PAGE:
Some time ago, a stranger lambasted me on Twitter for complaining about the verb phrase had of. As she saw it, had of was a mere misspelling of had’ve, which is a ‘legitimate’ (presumably by virtue of its being commonly used) verb phrase – often as part of a hypothetical like ‘if I had’ve known’.
To her, I was nothing but an oppressive prescriptivist. In my defence, however, I had been tweeting (as I’m wont to do) about something editing-related: a writer had used had of instead of the conventionally correct had, and I was expressing frustration over having to edit this phrase that seems to pervade even the work of professionals.
While my Twitter-critic used the word prescriptivist, she may as well have called me a grammar nazi – a moniker that has been on the receiving end of some criticism in recent months. In a September 2013 article in Daily Life, in particular, Annie Stevens argues that grammar-nazi behaviour is just an exercise in putting down others in order to bolster one’s own self-esteem, not so much a commitment to a properly punctuated cause.
Her assertion plays out in the comments section of online publications and in social media posts, where know-it-alls lurk, ready to discredit someone’s contribution because of a misplaced apostrophe. But underpinning such assumptions of (in)correctness is the view that English has a set of rules that apply in every situation, which can be policed by anyone who has sufficiently grasped them.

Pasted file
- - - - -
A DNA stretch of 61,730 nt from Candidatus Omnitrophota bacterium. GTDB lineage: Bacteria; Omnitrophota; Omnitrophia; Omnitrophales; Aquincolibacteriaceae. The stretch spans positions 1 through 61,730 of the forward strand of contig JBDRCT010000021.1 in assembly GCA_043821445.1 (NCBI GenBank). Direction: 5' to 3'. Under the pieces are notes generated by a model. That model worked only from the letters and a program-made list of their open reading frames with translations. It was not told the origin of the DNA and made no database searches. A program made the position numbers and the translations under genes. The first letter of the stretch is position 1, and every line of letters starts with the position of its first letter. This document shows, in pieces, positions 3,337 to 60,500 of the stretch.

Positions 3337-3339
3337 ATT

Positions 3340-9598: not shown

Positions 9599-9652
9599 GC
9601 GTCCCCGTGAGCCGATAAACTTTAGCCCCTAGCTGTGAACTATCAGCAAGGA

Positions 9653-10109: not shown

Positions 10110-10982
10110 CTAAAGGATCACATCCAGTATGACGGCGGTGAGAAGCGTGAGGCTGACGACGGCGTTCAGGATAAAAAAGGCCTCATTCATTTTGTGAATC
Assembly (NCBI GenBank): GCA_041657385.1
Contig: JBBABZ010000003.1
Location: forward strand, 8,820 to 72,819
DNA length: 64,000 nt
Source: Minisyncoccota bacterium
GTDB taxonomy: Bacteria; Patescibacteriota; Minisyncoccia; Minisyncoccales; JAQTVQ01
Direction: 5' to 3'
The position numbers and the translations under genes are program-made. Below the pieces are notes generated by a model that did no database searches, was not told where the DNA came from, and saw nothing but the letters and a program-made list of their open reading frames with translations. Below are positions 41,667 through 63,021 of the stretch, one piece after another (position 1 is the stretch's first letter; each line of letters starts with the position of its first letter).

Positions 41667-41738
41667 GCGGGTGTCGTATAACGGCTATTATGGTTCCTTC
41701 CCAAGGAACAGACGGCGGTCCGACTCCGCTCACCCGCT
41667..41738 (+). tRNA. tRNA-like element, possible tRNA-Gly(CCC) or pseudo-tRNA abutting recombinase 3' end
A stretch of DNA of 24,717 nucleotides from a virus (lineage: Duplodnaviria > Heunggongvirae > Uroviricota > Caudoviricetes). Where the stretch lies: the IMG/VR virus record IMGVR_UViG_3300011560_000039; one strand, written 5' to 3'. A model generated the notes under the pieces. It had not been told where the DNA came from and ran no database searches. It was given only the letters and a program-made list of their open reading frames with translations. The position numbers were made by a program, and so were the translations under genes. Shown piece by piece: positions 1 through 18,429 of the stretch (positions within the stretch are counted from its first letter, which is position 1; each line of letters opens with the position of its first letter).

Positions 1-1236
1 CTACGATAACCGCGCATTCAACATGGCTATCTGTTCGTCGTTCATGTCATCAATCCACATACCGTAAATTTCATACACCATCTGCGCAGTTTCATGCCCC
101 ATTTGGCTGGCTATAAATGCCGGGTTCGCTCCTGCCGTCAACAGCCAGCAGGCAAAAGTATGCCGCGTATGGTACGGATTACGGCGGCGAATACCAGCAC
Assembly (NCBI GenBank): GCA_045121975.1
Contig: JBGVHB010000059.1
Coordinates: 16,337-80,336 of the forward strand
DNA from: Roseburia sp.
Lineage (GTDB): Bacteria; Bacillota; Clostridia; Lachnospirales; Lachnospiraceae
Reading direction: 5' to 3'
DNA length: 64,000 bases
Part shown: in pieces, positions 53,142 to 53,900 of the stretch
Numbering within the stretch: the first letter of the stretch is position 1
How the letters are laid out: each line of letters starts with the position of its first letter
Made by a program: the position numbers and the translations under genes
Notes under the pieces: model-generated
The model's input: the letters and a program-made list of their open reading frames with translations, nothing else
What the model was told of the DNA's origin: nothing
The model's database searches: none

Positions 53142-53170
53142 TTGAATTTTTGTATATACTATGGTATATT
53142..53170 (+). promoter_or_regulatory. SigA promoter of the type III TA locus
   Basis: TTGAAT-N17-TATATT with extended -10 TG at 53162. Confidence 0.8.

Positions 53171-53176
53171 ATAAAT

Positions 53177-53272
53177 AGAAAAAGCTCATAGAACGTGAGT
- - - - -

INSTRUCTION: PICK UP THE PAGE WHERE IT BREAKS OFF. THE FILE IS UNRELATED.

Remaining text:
In many cases, the assumption holds. The article a signifies indefiniteness, while the is for something in particular. Subjects and their verbs should always numerically agree – she eats but they eat. The past perfect tense denotes an event that precedes a verb in the past tense – I was roused by the alarm you had set. These rules apply whether you’re in Canada or India or Malaysia or Denmark. But what if you’re discussing an already-finished task – should you use the simple past (I did it, as in American English) or the present perfect (I’ve done it, as is common in Australia and the UK)? Is it 1970s, 1970’s, ’70s, 70s or seventies? And why do people insist on using pronouns in the nominative case following a preposition (for Jenny and I) when they need to be in the objective (for Jenny and me)?
Here, English becomes riddled with conventions and circumstantial exceptions instead of easily enforceable rules. Unlike rules, conventions go beyond simple triggers (taco + plural = tacos) and take context into account. And as David Crystal contends in The Fight for English (his answer to the ‘zero-tolerance approach’ proposed by Lynne Truss in Eats, Shoots & Leaves):